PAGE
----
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A Solution (maybe) for Non-Profits: A Sense of Place

A sense of place—this is an idea Carlos Uriona of Double Edge Theatre talked about recently in a Tedx Talk.  I think this is particularly important for artists.  In his talk, Carlos tells of his journey from Argentina all the way to Ashfield, MA, USA to Double Edge Theatre.  Carlos was an artist and theatre maker in Argentina, with his company, Diablomundo, making puppet theatre throughout the political turmoil in the country.  Eventually, he made his way North, ending up with Double Edge just as they were making the transition from the fast paced city life of Boston, to the quiet, spread out hills and forests of Ashfield.  Double Edge moved to the rural in order to pursue artistic goals that would never have been possible in an urban setting. 

In class, we recently read Diane Ragsdale’s In the Intersection, which discusses the relationship of commercial and not-for-profit theatre companies in the United States.  A recurring concern in the book is the idea that non-profit theatre companies need to be more specific in their missions and values, and the question of whether or not this is even possible.  During class discussion on this topic, I immediately thought of Double Edge.  If there is one non-profit theatre in the US operating according to very specific values, doing so successfully, creating really meaningful art, engaging community, asking questions of the larger world, and bringing in a large and highly varied audience, Double Edge does all of these things.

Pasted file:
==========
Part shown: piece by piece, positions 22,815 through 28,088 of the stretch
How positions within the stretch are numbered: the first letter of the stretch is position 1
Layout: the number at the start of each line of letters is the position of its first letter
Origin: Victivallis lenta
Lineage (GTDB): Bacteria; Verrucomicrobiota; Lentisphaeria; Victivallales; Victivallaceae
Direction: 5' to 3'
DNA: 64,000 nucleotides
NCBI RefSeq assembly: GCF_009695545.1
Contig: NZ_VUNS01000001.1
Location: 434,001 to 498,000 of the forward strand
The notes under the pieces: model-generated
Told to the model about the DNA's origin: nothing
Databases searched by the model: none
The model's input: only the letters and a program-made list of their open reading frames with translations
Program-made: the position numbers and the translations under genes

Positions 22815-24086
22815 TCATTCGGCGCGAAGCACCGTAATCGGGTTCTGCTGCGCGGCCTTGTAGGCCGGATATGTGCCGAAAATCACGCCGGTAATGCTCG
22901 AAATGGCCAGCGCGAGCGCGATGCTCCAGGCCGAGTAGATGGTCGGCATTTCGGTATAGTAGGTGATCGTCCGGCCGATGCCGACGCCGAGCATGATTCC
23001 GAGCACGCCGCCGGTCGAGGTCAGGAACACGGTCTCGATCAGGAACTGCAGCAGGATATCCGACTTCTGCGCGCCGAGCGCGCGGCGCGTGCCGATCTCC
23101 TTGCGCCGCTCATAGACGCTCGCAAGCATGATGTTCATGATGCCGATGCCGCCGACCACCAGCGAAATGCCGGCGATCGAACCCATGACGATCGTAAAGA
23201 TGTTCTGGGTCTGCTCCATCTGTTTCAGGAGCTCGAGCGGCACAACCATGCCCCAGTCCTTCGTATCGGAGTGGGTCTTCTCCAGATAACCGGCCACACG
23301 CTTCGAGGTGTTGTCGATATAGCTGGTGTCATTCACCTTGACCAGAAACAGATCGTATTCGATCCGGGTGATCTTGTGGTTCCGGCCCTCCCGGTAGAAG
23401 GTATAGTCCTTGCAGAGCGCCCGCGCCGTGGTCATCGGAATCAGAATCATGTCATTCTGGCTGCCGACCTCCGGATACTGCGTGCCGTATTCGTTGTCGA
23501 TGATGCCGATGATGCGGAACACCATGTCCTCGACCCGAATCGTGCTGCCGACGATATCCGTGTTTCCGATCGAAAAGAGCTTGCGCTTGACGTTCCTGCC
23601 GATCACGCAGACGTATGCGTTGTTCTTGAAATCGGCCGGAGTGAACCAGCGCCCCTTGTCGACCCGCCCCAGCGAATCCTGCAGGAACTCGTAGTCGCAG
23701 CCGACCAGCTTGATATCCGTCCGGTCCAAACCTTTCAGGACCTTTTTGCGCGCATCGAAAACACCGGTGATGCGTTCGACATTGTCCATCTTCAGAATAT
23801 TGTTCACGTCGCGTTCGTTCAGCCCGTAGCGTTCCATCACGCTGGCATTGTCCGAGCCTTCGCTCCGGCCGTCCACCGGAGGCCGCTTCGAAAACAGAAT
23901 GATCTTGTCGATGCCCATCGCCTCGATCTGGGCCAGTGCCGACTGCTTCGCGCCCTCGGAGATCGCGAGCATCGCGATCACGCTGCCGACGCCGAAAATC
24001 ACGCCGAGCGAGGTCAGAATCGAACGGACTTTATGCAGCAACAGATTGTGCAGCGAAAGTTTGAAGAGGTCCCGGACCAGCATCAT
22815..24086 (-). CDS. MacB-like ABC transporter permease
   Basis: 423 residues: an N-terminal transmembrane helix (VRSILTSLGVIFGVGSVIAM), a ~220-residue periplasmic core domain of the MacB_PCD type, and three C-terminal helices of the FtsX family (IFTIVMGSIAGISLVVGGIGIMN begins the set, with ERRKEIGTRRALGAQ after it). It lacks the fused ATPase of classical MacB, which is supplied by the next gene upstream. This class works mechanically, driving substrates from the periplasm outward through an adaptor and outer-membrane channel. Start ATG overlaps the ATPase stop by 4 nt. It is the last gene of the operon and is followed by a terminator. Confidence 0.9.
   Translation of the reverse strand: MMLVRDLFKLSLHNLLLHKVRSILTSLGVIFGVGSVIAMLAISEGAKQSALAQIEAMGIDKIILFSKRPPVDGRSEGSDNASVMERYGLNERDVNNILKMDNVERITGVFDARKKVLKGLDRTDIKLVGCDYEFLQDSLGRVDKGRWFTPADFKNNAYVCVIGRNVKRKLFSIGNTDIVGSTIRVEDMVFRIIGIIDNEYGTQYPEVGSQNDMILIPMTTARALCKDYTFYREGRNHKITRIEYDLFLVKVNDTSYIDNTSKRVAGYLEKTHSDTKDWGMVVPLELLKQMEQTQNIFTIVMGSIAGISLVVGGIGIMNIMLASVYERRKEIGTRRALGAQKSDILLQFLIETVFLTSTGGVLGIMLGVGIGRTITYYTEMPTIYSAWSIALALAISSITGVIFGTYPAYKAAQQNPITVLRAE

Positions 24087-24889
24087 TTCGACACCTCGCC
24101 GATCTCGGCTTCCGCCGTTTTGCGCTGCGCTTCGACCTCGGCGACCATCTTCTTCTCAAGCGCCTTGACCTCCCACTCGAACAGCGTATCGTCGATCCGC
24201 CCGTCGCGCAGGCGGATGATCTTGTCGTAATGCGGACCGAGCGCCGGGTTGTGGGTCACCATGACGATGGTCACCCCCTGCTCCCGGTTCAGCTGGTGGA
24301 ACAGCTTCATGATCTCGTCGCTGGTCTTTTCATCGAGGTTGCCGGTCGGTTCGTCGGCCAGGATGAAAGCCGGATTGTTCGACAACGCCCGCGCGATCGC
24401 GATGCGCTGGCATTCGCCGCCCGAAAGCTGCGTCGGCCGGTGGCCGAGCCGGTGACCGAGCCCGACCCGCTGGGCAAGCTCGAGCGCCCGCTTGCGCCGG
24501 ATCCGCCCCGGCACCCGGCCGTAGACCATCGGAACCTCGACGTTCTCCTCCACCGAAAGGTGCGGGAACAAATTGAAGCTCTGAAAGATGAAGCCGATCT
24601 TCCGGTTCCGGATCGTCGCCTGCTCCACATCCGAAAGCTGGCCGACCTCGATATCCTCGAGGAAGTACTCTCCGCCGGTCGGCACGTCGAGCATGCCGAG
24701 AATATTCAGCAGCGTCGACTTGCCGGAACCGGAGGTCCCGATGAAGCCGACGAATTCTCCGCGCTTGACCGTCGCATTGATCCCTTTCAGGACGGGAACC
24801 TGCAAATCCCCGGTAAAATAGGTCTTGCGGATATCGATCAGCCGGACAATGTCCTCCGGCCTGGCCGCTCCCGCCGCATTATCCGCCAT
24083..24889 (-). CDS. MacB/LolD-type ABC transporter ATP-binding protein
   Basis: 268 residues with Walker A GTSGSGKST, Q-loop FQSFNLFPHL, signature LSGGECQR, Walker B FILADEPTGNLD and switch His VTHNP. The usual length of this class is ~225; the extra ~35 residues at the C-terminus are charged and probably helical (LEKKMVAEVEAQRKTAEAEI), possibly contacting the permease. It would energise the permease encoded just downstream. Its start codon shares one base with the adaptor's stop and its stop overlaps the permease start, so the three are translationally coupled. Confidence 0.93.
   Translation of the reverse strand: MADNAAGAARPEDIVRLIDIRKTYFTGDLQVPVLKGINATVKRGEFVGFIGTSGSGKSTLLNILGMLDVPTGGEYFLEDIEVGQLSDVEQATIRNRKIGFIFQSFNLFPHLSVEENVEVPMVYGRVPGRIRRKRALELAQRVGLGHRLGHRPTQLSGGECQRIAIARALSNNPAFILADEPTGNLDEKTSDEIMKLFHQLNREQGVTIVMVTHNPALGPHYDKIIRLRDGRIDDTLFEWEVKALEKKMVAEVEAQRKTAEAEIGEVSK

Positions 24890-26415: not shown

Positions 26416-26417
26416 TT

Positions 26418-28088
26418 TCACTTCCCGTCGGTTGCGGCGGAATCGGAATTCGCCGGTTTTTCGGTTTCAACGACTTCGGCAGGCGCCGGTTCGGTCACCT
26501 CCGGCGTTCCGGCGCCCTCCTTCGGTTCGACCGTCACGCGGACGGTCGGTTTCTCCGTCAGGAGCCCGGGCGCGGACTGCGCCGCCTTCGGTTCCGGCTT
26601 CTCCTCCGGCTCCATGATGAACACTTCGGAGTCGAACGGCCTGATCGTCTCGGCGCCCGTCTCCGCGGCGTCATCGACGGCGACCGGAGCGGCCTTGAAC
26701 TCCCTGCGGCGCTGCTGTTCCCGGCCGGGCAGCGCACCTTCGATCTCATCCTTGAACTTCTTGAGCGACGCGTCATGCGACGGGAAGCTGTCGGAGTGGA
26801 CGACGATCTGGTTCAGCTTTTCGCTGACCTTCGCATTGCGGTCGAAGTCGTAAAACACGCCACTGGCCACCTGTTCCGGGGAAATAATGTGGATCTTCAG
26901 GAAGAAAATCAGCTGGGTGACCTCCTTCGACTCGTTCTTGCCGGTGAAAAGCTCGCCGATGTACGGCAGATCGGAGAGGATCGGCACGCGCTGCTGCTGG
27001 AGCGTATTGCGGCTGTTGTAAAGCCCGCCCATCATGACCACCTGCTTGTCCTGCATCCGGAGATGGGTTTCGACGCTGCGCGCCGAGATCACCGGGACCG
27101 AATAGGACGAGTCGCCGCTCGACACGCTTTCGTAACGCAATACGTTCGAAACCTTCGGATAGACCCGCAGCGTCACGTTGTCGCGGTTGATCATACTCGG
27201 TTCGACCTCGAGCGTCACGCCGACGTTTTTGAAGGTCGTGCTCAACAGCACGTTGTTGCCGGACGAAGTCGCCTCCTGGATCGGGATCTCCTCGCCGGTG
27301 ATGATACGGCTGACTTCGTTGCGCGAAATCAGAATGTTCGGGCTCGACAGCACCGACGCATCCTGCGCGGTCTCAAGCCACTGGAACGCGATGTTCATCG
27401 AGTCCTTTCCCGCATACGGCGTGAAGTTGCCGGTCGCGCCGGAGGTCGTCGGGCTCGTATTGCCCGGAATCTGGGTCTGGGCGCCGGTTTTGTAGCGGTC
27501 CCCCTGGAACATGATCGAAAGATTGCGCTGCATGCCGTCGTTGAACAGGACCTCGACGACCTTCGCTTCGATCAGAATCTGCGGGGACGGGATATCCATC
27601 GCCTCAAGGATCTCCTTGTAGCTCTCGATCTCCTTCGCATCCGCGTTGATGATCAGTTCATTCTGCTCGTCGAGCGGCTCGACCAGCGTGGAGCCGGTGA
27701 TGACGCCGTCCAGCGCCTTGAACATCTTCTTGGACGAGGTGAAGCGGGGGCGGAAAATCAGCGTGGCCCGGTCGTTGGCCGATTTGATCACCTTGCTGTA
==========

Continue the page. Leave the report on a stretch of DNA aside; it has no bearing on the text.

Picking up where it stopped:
How are they constantly achieving this level of success?  Well, for several reasons: Double Edge is composed of a fixed ensemble of theatre-makers, living and working in close proximity, devoting most of their lives to their artistic work.  It is a lifestyle.  While not all of the company members live on the Farm, they are there nearly full time, running the business, maintaining the buildings and grounds, training and rehearsing together, and pursuing their own individual goals.  They are not overwhelmed by the distractions of city life.  Double Edge may be located in the middle of nowhere, but through extensive outreach, they draw in audiences from around the world.  This year their summer show, Shahrazad: A Tale of Love and Magicwhich ran almost every day for a month, was entirely sold out before it even opened.  They also spend large portions of time touring their work around the world, and collaborating with artists they encounter on their journeys.

Double Edge is so successful, largely due to this idea of place.  The conditions of where they are located enable them to create work of great substance so successfully.  What does this mean for everyone else?  What about all the theatre companies and artists working in cities, and other places around the world, who do not have the means, or interest to devote themselves to their art in such a way?  Is it possible to achieve such a holistic level of success?  I believe so, yet I think it will take even more sacrifice, devotion, and specificity of mission one might even think is possible.

(Here’s what Carlos has to say.  He’s a wise man, I recommend giving him a listen)

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